One of the most common symptoms shared among the autism spectrum disorders (ASD) is difficulty with social interaction. Frequently, this difficulty extends to problems perceiving and producing spoken language. The neural mechanisms for perceiving speech are not well understood, so how the genetic and developmental causes of ASD give rise to this symptom is not known. Stephen Shea and his colleagues at Cold Spring Harbor Laboratory in New York are using a mouse model of ASD to help close this gap in our understanding.
Rett syndrome is an ASD that usually occurs in girls and typically includes language impairments. Shea and his team found that mice carrying a gene mutation that causes Rett syndrome also exhibit difficulty in appropriately responding to the vocalizations of other mice. Specifically, mutant female mice were found to perform poorly on a maternal behavior test in which they must respond to the distress cries of mouse pups. The researchers’ findings suggest that this deficit is related to improper function and connectivity in a part of the brain, called the auditory cortex, which processes sound. Based on recordings from the auditory cortex, Shea and his colleagues suspect that the behavioral effects are linked to the strength and plasticity of synapses that release the inhibitory neurotransmitter GABA.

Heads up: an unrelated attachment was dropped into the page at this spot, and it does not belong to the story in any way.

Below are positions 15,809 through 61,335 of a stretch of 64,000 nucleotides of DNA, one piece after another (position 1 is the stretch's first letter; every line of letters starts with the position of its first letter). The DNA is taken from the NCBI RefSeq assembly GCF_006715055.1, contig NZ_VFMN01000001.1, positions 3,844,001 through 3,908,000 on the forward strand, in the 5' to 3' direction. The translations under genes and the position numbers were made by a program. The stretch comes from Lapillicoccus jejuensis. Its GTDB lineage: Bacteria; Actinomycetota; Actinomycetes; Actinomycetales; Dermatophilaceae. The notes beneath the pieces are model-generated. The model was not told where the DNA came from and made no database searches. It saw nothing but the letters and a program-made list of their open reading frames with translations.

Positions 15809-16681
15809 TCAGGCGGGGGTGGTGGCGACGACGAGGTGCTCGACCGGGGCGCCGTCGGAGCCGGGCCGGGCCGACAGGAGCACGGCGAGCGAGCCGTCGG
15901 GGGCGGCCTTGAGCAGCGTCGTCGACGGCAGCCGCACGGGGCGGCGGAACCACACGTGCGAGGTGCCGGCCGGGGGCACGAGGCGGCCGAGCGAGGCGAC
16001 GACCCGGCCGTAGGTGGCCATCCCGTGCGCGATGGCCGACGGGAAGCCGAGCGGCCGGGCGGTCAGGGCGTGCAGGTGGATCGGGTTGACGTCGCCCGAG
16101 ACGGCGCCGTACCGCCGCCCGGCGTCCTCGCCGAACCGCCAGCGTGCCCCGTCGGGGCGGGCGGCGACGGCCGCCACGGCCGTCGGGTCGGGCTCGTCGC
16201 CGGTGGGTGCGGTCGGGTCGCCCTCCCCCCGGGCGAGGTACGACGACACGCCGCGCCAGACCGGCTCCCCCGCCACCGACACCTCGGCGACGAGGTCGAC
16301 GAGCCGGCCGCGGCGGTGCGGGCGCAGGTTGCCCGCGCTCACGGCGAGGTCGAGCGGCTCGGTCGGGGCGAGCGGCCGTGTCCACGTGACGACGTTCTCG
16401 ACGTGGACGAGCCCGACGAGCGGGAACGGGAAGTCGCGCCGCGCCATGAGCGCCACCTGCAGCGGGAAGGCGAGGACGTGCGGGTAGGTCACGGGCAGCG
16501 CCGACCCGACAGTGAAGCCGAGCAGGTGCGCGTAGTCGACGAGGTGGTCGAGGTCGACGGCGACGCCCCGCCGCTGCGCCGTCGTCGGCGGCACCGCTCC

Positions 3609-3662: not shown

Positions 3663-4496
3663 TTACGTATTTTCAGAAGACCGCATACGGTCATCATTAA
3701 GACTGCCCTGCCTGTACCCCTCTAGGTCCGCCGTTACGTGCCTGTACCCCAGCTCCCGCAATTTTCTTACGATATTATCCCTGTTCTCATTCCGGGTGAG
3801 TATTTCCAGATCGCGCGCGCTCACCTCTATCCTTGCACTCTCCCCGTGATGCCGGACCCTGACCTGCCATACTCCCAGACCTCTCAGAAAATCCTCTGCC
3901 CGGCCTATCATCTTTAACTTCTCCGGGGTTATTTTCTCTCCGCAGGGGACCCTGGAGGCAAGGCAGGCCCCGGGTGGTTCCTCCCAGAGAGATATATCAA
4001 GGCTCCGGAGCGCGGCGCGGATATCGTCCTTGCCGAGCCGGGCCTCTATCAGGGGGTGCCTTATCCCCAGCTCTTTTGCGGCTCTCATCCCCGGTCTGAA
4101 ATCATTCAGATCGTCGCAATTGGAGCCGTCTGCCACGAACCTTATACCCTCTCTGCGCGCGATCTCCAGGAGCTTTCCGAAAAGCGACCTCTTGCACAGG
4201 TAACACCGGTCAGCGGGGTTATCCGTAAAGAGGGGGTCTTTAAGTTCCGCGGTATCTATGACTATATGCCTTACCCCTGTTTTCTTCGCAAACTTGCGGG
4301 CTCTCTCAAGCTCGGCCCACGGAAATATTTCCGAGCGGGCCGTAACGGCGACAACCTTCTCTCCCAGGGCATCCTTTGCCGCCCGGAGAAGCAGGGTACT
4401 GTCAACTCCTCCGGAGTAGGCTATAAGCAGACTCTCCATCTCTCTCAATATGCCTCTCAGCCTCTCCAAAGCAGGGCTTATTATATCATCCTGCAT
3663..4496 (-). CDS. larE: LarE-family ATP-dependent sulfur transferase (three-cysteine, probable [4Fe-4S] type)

In another set of experiments, the researchers demonstrated that genetically restoring normal levels of GABA in the brain markedly improves maternal behavior in mutant mice. Their data further suggest that this rescue works by removing a brake on brain plasticity. Taken together, these studies are expected to reveal synaptic mechanisms that contribute to language and social behavior problems in ASD. Moreover, the behavioral rescue strategy may point the way toward potential therapeutic targets for Rett syndrome.